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Can One Really Photograph a Black Hole? Some Scepticism By Brian Simpson and Mrs Vera West

     The mainstream media have been jumping up and down about a 29-year old female physicist who has allegedly photographed a black hole, or that is the impression generated by some reports. Thus, she is promoted as the face of feminist STEM. Better reports say that she was part of the team of around 200 researchers, although some reports imply that she led the team. However, we could find no evidence of this from an examination of the main academic paper:

“The Size, Shape, and Scattering of Sagittarius A* at 86 GHz: First VLBI with ALMA”

S. Issaoun, M. D. Johnson, L. Blackburn, C. D. Brinkerink, M. Mościbrodzka, A. Chael, C. Goddi, I. Martí-Vidal, J. Wagner, S. S. Doeleman, H. Falcke, T. P. Krichbaum, K. Akiyama, U. Bach, K. L. Bouman, G. C. Bower, A. Broderick, I. Cho, G. Crew, J. Dexter, V. Fish, R. Gold, J. L. Gómez, K. Hada, A. Hernández-Gómez, M. Janßen, M. Kino, M. Kramer, L. Loinard, R.-S. Lu, S. Markoff, D. P. Marrone, L. D. Matthews, J. M. Moran, C. Müller, F. Roelofs, E. Ros, H. Rottmann, S. Sanchez, R. P. J. Tilanus, P. de Vicente, M. Wielgus, J. A. Zensus, G.-Y. Zhao

(Submitted on 18 Jan 2019) > astro-ph > arXiv:1901.06226

The person the media is celebrating occurs at the 15th position in the list of author names, which are not in alphabetical order. It is fake news for the mainstream media to thus promote her as the face of the project over the rest of the team, including other female scientists, especially when eight ground-based radio telescopes known collectively as the Event Horizon Telescope (EHT) were used. She could not have done all of this by herself, and she never said that she did, and yet that is the impression created by the mainstream media:

The female physicist herself made it clear that this was a team effort, but the media wanted a movie star, making the lame excuse that the public cannot focus on 200 people, so it is all their doing, just for headlines.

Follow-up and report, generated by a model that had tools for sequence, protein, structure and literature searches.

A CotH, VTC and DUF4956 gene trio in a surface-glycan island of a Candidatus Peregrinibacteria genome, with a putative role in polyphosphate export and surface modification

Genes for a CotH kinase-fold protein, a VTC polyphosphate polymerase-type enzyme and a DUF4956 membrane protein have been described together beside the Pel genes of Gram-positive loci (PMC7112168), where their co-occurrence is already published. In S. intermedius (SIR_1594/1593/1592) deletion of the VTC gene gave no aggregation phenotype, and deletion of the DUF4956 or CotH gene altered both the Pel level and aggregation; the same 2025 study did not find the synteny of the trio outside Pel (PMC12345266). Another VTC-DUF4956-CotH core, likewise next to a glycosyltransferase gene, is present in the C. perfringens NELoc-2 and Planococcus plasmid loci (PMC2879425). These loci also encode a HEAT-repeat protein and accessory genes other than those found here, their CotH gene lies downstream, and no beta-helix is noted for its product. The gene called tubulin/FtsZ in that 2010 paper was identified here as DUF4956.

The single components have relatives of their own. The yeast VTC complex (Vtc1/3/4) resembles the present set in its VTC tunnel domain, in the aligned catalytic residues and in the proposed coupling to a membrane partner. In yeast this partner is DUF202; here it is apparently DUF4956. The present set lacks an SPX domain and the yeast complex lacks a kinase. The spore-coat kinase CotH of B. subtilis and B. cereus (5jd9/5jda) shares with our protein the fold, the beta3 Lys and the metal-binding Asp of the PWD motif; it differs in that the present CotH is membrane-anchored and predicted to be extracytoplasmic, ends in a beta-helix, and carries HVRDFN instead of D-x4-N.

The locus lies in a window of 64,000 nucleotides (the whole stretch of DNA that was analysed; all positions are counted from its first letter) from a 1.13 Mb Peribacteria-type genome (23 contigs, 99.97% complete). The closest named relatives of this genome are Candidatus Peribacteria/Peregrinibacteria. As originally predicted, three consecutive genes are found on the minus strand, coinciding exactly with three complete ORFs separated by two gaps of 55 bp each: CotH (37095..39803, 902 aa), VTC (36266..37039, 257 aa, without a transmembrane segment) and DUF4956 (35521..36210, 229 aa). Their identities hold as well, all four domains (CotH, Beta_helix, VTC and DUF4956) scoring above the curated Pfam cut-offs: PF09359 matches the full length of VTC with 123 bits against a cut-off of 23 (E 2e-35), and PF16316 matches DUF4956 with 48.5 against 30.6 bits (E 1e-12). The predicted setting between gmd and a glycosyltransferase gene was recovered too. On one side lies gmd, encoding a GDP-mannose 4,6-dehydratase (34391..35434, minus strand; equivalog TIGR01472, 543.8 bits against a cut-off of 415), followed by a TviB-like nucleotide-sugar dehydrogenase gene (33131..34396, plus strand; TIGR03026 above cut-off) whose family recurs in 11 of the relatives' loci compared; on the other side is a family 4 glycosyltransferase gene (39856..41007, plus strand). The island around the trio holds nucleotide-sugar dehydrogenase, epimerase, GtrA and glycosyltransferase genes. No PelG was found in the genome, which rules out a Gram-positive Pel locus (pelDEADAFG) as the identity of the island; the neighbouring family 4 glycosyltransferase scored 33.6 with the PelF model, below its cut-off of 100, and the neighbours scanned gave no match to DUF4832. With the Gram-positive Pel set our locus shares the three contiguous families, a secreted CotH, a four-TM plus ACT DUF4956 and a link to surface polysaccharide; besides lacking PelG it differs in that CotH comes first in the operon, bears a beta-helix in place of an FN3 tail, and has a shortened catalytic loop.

Yet, there were 40 women in the project and nothing has been done to celebrate their achievement in STEM. Thus, we are puzzled as to why this event promoted women in STEM, when so many hard-working women scientists in the team will not get the publicity they deserve. It is all the mainstream media’s fault, and naturally there would be an internet backslash against this, but not along the lines of the promotion of all women scientists, unfortunately.

         Further, the actual photograph is a computer reconstruction,

“Though black holes are compact objects, they are exceptionally massive — the mass of M87's black hole is about 6.5 billion times that of our sun, the National Science Foundation (NSF) said in a statement. Because of this enormous mass, black holes warp spacetime, heating the dust and gas around them to extreme temperatures, according to NSF.

By definition, black holes are invisible, because no light escapes from them. But a prediction made by Albert Einstein in his theory of general relativity stated that under certain circumstances, an outline of a black hole and its light-swallowing event horizon could be seen, according to representatives of the Haystack Observatory at MIT, which houses one of the EHT telescopes.

"If immersed in a bright region, like a disc of glowing gas, we expect a black hole to create a dark region similar to a shadow," EHT Science Council chair Heino Falcke, a professor of radio astronomy and astroparticle physics at Radboud University in the Netherlands, said in the NSF statement.